[Python-Dev] a note in random.shuffle.__doc__ ...
rhettinger at ewtllc.com
Mon Jun 12 15:52:18 CEST 2006
Alex Martelli wrote:
>Note that for even rather small len(x), the total number of
>permutations of x is larger than the period of most random number
>generators; this implies that "most" permutations of a long
>sequence can never be generated.
>Now -- why would the behavior of "most" random number generators be
>relevant here? The module's docs claim, for its specific Mersenne
>Twister generator, a period of 2**19997-1, which is (e.g.) a
>859403269022650639413550466514556014961826309062543 times larger than
>the number of permutations of 2000 items, which doesn't really feel
>to me like a "rather small len(x)" in this context (what I'm most
>often shuffling is just a pack of cards -- len(x)==52 -- for example).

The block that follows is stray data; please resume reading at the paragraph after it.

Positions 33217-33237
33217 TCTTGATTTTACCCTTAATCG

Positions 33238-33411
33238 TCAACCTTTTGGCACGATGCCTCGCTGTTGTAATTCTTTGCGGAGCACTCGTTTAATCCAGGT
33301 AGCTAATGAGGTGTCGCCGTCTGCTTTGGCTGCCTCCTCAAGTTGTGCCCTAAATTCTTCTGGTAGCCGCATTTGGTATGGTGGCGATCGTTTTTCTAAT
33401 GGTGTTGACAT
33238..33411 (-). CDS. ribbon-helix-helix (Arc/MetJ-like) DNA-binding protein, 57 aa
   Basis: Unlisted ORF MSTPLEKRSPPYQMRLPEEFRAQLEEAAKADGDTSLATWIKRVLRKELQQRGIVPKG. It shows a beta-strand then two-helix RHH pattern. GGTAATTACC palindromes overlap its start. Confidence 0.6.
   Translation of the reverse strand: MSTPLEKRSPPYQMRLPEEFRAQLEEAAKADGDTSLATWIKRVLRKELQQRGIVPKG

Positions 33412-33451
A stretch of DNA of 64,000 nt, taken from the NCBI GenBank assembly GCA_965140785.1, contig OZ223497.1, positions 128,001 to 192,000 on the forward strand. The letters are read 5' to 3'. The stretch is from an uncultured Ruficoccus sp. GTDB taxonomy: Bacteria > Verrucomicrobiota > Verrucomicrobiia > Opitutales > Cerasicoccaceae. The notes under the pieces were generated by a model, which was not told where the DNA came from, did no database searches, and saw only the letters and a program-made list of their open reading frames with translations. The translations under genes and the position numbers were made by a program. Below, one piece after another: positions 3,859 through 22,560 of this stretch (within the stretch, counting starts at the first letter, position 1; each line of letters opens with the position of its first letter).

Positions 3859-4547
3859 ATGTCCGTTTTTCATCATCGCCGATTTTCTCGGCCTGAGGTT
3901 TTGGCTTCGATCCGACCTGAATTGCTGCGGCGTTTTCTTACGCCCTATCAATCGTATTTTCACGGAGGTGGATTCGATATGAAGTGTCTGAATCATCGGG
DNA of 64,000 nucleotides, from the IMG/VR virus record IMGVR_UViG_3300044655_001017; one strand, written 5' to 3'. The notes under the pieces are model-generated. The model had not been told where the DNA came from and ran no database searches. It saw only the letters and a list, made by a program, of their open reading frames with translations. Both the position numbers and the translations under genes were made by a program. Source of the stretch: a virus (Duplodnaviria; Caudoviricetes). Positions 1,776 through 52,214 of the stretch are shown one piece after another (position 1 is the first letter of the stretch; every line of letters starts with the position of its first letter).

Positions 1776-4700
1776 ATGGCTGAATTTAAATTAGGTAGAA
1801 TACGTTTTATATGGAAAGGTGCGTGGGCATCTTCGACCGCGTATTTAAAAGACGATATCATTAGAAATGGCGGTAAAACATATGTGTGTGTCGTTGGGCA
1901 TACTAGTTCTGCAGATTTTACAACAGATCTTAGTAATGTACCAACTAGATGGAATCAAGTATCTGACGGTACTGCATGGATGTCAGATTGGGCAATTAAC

>I suspect that the note is just a fossil from a time when the default
>random number generator was Whichman-Hill, with a much shorter
>period. Should this note just be removed, or instead somehow
>reworded to point out that this is not in fact a problem for the
>module's current default random number generator? Opinions welcome!
I think the note is still useful, but the "rather small" wording
should be replaced by something most precise (such as the
value of n=len(x) where n! > 2**19997).
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